COP 28 again highlighted the significant work needed to identify real solutions to support a sustainable green transition and limit global temperature rises. Catastrophe modeling can play a crucial role in quantifying climate risk exposures, supporting corporate risk management and pricing climate risk. This year we have been pleased to form a number of new partnerships, supporting a deeper understanding of risk and feeding our catastrophe modeling research and innovation. We are delighted to announce a new partnership with Prof. Erica Thompson and the London Mathematical Laboratory to support our climate and catastrophe modelers better understand the depth and criteria of available modeling tools, and ultimately allow us to provide a better, fit-for-purpose view of risk.
We are also happy to provide follow-ups to the popular Natural Catastrophe webinar series that ran throughout 2023. Read reports on how to Get ahead of wildfire risks in 2024: Strategies for mitigation, management and measurement exploring how unprecedented wildfire seasons devastated properties and ecosystems from Europe to Canada throughout 2023; and on Navigating named windstorm risks: mitigation and management strategies quantifying the increasing risk from intense tropical cyclones in a changing climate.
In 2023 accelerated technological advancements and tools like ChatGPT have heightened the need for robust strategies to embrace digital disruption. The rising prominence of ESG has encouraged companies to integrate ESG considerations into their risk management frameworks. Geopolitical tensions and conflict continue to disrupt supply chains, increase commodity prices and impact financial markets. Our Geopolcast podcast series has quickly established itself, providing commentary and expert opinion on some of the most pressing issues globally. Recent episodes explore the rising risk of cyber threats, the geopolitical impacts of climate change, and the power and pitfalls of sanctions. Please do get in touch with areas of interest you would like us to explore.
Below we include some of our more recent insight pieces, including thoughts from attending a recent White House Council of Economic Advisors roundtable on climate modeling and a piece co-written with Gordon Woo, Catastrophist at Moody’s RMS, exploring new approaches for addressing the gaps in volcanic risk modeling. We hope you enjoy them.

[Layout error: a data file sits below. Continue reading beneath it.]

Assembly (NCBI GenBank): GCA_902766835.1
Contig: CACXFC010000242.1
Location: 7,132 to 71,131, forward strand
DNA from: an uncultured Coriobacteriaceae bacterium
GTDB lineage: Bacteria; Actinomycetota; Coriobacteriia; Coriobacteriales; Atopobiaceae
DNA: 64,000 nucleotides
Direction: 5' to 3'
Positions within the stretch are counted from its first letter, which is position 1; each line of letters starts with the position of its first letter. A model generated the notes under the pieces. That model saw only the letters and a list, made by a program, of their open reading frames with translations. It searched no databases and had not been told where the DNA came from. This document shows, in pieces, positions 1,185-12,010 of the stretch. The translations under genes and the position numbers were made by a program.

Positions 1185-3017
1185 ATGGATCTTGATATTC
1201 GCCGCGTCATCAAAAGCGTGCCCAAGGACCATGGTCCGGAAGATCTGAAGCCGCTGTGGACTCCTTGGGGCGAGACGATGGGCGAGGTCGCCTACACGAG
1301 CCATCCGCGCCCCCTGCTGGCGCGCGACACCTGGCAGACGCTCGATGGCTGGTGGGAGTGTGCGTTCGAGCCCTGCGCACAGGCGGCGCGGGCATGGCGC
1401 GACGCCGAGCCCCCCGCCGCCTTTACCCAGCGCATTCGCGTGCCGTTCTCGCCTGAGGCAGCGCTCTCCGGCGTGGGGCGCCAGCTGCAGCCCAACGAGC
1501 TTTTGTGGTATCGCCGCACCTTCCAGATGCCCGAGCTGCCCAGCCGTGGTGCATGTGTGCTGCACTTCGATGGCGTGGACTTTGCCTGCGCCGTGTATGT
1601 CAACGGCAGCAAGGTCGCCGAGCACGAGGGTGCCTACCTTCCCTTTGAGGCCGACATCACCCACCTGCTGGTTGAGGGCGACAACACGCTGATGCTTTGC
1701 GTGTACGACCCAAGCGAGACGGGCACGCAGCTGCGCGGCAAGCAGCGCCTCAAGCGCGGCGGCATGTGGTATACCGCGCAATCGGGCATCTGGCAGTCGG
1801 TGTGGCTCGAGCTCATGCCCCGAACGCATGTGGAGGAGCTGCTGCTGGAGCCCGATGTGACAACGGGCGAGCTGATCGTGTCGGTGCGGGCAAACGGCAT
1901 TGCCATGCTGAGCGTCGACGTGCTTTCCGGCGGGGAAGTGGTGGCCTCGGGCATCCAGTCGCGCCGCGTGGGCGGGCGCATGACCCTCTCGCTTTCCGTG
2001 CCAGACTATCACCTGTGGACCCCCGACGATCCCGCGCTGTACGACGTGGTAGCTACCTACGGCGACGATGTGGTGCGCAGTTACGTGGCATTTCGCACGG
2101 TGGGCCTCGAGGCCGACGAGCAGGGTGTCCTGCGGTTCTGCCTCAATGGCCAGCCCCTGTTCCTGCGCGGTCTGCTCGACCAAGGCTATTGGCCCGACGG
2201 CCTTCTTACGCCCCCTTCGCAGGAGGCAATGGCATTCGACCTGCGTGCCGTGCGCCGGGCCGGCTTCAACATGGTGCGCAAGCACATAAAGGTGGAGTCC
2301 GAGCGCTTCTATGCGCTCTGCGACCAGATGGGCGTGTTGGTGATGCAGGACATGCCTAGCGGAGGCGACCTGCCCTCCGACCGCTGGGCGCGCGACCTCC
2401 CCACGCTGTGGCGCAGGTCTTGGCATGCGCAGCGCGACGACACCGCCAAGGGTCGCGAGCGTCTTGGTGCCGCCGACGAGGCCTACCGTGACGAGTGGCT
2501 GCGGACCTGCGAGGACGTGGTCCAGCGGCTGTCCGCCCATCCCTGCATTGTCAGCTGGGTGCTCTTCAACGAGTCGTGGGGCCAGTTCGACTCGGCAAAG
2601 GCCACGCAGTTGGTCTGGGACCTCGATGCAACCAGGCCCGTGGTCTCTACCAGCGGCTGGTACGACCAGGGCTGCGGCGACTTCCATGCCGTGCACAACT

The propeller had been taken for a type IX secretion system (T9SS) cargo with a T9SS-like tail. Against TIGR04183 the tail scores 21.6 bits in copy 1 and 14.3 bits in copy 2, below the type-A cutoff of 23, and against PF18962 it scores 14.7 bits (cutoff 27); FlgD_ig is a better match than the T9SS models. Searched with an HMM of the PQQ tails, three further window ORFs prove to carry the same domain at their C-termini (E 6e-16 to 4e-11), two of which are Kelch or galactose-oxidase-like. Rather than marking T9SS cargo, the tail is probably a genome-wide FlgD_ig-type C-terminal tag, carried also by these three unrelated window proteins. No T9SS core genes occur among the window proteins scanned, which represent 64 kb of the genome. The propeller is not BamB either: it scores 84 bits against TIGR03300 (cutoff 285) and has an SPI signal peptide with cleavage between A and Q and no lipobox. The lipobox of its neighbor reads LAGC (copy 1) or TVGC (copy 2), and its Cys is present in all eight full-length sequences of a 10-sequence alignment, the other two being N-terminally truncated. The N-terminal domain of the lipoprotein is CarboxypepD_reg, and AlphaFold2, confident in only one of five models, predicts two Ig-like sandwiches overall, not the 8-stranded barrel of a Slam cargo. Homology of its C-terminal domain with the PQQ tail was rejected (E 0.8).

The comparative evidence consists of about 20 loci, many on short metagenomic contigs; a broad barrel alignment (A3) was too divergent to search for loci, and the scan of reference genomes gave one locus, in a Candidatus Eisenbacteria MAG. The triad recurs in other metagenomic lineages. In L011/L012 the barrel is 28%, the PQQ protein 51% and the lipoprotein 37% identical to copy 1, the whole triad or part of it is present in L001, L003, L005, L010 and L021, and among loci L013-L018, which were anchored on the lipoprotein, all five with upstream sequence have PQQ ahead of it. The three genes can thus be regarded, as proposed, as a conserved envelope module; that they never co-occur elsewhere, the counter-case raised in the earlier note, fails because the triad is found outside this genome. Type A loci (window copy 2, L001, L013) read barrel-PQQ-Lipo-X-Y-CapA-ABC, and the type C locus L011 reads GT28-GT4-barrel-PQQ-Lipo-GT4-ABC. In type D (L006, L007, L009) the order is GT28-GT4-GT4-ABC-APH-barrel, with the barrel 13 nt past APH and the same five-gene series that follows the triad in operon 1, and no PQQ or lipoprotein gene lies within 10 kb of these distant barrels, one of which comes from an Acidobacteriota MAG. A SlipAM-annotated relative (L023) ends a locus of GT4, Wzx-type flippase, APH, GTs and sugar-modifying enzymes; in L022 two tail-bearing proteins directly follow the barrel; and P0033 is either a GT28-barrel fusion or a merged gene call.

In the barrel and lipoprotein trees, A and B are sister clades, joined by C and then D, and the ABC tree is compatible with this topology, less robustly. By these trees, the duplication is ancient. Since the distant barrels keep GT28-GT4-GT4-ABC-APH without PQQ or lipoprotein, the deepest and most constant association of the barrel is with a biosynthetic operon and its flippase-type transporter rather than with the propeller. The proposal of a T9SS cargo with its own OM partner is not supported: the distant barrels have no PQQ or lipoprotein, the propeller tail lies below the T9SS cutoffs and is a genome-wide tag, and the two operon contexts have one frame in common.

Wishing you all the best of the season,
Business relies on a suite of tools to weigh risks from heat, flood, & other hazards. The White House wants next-generation climate analytics to be more transparent, reliable, and easier to access.
It is often argued that insurers can manage climate change risk simply by using the annual policy cycle to reprice and rebalance portfolios. But what happens if the rate of change is too fast?
Volcanic risks are less frequent than other natural disasters, but their unpredictability poses a unique challenge. Should insurers incorporate downward counterfactual analysis into risk management frameworks to better prepare for these rare but catastrophic events?
Traditional risk management can prove less effective when tackling complex and inter-connected risks. How can you identify, quantify and mitigate inter-related risks?
In recent years organisations around the world have seen their strategy and plans disrupted by new and familiar risks in ways unimaginable 15 years ago.
In this article from the 2023 WTW Power Market Review, we look at the impact of the current geopolitical risk landscape on the power sector.
Decarbonizing aviation will be a long, challenging and expensive process. A better industry could emerge though.
As India's financial sector addresses its climate risks, it must consider the vulnerabilities of its small borrowers, offering valuable lessons for emerging economies on building just transitions.
Pricing structures in insurance programmes are determined by todays flood risk. Flood insurance programmes needs to be overhauled to be more dynamic to ensure viability in the face of climate change.
Parametric insurance operates on a simple principle. Instead of compensating for direct losses incurred, it provides coverage for a predetermined amount, often scaled according to the severity of the event.